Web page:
The Cinemon mp4 Work Accelerator lists these features:
- Native Playback of XDCAM EX profiles in Apple Final Cut Pro
- Ability to playback XDCAM EX files directly from SxS cards
- Ability to playback XDCAM EX files in QuickTime (still requires FCP to be installed on machine)
- Drag and Drop or File Import of XDCAM EX files directly to Final Cut Pro
- Support for Quicklook viewing of XDCAM EX files in finder
- Render output for MOV using Final Cut Pro render engine
- MXF rendering using XDCAM Transfer tool
The Sony website also has a demo video.
The old saw that “any publicity is good publicity” seems to be the operant notion in a piece in The Guardian about documentary subject Rachel Johnson, who is the editor of a women’s magazine and whose new book recounts her experience as the subject of a documentary film.
For much of the year Johnson chronicles, production company Optomen is making its film, The Lady and the Revamp, for Channel 4. And, even allowing for the fact that we are getting stories only from one side of the camera, the book disturbingly confirms the frequent suspicions of viewers and critics about manipulation of material. Johnson calculates that 400 hours of filming accumulated for a screen-time of around 46 minutes. Her perception was that the aim was to bore the participants into forgetting they were being filmed, in the hope that they would say or do something unguarded.
Of course that technique is the basis of almost all documentaries. Not to manipulate, but to spend lots of time hoping to see the story unfold through a series of “moments of truth.”
As F. Scott Fitzgerald said, “Action is character,” and getting all that nonaction on film allows for something that alternately can be very true or very false. Yes, one could edit down do a completely false view of the subject; alternately, one could find the absolute truth – even when the subject doesn’t.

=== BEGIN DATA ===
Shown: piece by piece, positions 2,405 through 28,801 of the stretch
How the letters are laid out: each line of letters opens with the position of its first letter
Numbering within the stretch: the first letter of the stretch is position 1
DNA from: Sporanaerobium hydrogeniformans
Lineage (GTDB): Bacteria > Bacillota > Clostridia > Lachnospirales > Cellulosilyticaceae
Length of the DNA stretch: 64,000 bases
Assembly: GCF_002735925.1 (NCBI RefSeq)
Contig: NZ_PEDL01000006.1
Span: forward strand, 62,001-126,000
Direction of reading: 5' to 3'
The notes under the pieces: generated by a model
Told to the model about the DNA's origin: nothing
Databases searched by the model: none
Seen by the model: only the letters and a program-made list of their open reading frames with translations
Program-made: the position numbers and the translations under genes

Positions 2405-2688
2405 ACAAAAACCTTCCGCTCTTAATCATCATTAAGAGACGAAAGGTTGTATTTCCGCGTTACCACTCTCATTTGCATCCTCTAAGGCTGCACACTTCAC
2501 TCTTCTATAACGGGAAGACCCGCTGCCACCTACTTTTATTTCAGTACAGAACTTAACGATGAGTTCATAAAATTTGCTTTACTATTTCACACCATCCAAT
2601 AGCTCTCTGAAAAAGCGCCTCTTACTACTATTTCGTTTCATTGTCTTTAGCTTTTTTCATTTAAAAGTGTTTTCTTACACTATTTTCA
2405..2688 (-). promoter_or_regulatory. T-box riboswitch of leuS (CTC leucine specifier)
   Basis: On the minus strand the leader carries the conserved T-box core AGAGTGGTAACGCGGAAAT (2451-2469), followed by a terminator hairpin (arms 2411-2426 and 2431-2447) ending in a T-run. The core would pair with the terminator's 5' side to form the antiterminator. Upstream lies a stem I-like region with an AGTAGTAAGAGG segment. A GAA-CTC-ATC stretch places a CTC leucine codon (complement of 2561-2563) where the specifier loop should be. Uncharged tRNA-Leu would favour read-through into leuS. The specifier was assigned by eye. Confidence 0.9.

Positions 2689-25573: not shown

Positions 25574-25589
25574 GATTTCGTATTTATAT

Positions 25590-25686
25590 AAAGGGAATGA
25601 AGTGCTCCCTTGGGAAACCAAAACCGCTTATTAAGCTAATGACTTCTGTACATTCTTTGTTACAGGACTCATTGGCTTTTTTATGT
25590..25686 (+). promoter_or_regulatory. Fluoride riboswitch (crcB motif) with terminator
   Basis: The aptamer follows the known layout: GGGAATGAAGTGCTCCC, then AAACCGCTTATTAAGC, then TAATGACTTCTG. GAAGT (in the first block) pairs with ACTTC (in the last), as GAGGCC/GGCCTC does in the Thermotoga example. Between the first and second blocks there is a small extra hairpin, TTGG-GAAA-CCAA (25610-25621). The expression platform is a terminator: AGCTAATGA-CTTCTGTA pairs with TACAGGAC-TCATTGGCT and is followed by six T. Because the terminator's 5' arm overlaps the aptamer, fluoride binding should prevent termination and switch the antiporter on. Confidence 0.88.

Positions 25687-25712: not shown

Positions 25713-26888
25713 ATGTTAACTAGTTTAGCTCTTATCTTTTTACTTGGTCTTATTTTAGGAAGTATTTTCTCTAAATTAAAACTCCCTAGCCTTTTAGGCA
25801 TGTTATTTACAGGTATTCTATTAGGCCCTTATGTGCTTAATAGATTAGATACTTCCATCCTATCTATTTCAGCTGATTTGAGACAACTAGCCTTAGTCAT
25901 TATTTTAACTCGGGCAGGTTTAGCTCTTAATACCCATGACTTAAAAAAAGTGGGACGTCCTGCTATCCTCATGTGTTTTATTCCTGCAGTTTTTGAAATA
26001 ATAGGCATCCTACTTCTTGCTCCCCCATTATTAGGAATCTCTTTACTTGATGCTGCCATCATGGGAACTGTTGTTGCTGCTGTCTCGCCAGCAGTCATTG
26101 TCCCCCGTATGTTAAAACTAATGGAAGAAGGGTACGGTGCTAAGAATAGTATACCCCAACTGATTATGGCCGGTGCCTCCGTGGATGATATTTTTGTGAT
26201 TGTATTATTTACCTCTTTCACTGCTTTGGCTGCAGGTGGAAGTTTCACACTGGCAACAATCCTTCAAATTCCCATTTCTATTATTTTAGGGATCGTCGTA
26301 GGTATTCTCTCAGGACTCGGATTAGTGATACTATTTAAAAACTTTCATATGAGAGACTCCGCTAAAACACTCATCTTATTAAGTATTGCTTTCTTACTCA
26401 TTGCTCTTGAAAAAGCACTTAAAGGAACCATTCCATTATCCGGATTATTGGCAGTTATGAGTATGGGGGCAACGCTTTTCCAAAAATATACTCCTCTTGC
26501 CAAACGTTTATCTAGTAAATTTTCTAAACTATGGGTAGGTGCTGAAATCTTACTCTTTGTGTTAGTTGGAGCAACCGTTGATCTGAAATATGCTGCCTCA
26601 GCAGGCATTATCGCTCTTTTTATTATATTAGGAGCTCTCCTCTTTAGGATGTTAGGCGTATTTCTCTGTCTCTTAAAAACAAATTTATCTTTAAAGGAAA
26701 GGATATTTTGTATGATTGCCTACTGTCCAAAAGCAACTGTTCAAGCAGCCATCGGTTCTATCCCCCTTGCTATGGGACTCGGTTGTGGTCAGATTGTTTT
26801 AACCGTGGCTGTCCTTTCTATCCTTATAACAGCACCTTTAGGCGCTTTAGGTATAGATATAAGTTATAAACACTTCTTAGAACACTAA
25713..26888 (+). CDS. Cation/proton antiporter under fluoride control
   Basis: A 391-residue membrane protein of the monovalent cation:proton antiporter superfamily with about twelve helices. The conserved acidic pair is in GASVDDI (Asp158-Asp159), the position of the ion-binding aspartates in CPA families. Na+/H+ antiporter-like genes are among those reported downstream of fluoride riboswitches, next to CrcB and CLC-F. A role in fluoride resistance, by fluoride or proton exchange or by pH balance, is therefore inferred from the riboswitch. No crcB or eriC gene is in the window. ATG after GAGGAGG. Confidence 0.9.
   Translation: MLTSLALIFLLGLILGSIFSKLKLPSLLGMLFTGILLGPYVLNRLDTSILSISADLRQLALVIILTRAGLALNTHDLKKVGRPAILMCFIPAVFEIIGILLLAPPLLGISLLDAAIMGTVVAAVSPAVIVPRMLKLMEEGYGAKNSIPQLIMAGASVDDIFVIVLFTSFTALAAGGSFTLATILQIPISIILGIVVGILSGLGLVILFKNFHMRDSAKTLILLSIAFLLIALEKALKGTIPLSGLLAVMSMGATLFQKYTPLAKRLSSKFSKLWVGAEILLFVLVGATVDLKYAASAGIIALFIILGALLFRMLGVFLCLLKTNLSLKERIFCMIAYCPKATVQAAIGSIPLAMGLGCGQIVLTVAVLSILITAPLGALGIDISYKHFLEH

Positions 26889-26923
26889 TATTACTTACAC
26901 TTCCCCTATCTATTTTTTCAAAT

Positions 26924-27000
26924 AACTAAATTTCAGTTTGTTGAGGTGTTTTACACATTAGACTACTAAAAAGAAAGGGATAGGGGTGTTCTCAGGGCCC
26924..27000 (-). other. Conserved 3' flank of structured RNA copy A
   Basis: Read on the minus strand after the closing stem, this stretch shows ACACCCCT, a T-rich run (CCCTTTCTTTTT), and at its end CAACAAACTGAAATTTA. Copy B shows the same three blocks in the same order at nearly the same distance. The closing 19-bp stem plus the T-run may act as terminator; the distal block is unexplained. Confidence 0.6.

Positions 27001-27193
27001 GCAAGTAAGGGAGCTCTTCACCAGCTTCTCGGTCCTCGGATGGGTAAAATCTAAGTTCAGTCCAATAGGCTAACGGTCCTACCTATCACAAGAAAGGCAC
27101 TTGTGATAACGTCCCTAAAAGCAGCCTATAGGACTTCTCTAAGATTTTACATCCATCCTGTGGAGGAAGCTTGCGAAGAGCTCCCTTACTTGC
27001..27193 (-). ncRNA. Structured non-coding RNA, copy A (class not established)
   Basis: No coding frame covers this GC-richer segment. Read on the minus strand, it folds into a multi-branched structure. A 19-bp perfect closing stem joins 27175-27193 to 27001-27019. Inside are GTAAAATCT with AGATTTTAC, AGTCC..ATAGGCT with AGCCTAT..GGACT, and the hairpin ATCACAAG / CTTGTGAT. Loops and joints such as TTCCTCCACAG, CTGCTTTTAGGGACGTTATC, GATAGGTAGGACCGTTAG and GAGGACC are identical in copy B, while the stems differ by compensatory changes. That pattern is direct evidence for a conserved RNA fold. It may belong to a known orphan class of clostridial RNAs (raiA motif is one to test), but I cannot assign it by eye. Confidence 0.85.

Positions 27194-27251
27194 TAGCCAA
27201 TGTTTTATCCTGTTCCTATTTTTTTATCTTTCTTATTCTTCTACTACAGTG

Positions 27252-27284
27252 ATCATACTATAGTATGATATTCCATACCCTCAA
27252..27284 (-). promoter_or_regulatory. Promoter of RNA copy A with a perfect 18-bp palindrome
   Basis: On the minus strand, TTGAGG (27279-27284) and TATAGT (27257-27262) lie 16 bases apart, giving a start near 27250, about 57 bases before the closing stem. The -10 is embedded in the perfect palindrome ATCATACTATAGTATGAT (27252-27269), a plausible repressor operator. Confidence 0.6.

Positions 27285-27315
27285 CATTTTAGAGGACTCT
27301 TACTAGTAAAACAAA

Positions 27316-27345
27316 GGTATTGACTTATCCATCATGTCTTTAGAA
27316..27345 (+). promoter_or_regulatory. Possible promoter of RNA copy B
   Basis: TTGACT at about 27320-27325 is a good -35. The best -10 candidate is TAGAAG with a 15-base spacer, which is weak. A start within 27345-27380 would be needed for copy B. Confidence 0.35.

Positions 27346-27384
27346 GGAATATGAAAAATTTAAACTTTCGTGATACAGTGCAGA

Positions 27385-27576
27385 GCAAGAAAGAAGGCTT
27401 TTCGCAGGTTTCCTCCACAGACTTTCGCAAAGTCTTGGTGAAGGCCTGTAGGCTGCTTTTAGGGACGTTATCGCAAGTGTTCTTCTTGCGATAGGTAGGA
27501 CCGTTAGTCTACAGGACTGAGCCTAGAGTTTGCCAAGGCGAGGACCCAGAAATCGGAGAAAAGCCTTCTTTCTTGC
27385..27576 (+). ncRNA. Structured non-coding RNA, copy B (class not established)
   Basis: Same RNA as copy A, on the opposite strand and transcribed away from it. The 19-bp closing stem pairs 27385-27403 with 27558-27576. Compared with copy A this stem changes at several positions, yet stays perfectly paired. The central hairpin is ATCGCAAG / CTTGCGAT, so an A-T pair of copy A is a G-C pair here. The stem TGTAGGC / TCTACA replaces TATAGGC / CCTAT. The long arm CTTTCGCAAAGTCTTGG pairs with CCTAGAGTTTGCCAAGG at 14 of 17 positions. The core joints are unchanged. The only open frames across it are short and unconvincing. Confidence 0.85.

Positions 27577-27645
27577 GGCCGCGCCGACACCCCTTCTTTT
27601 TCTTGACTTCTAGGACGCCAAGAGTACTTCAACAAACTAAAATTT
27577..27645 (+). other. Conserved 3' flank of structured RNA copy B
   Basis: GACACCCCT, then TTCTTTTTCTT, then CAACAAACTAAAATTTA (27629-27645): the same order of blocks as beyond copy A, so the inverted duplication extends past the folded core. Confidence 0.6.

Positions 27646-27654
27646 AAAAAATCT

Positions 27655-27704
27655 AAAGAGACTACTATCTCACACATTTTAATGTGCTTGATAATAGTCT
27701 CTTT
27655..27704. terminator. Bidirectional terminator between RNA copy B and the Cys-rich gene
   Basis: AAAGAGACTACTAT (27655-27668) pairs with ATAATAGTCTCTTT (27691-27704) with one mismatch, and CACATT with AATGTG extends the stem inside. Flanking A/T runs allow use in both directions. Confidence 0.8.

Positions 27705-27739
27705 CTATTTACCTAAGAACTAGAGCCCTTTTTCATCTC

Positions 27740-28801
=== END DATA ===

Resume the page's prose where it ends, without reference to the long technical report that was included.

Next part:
Since I’m quoting writers: “Now comes the pain of truth, to whom ’tis pain,” Keats said. Subjects are often taken aback not by a false portrait of themselves but of one that is absolutely, nakedly accurate. Another quote, from Whit Stillman’s wonderful film “Metropolitan”: “Why do I look so much better in mirrors than in pictures?” We trick ourselves into believing what we see in the mirror is accurate, until we see a picture of ourselves. The great Maysles film “Grey Gardens” may be a monument to that notion.
A documentary of this sort can be successful when the documentarian is trying to find truth, and not just create a reality show, and when the subject both has some accuracy of self-perception and a willingness to look more deeply at it.
In the Rachel Johnson case, it may be that it was simply a less-than-straightforward filmmaker taking advantage of a publicity-craving subject, but we’ll hope most have greater intentions.
The Guardian’s Mark Lawson says in the piece,
It may be that the Johnson family suffers an extreme mutation of the publicity gene, but it could also be taken as evidence of the general human difficulty in refusing invitations to appear on TV. And, even though the programme was edited to the disadvantage of the magazine, circulation rose and both publication and editor have enhanced their media profiles.
So getting a television hatchet in the head is apparently a good career move. Which, to the relief of network controllers, means there will always be a willing supply of victims.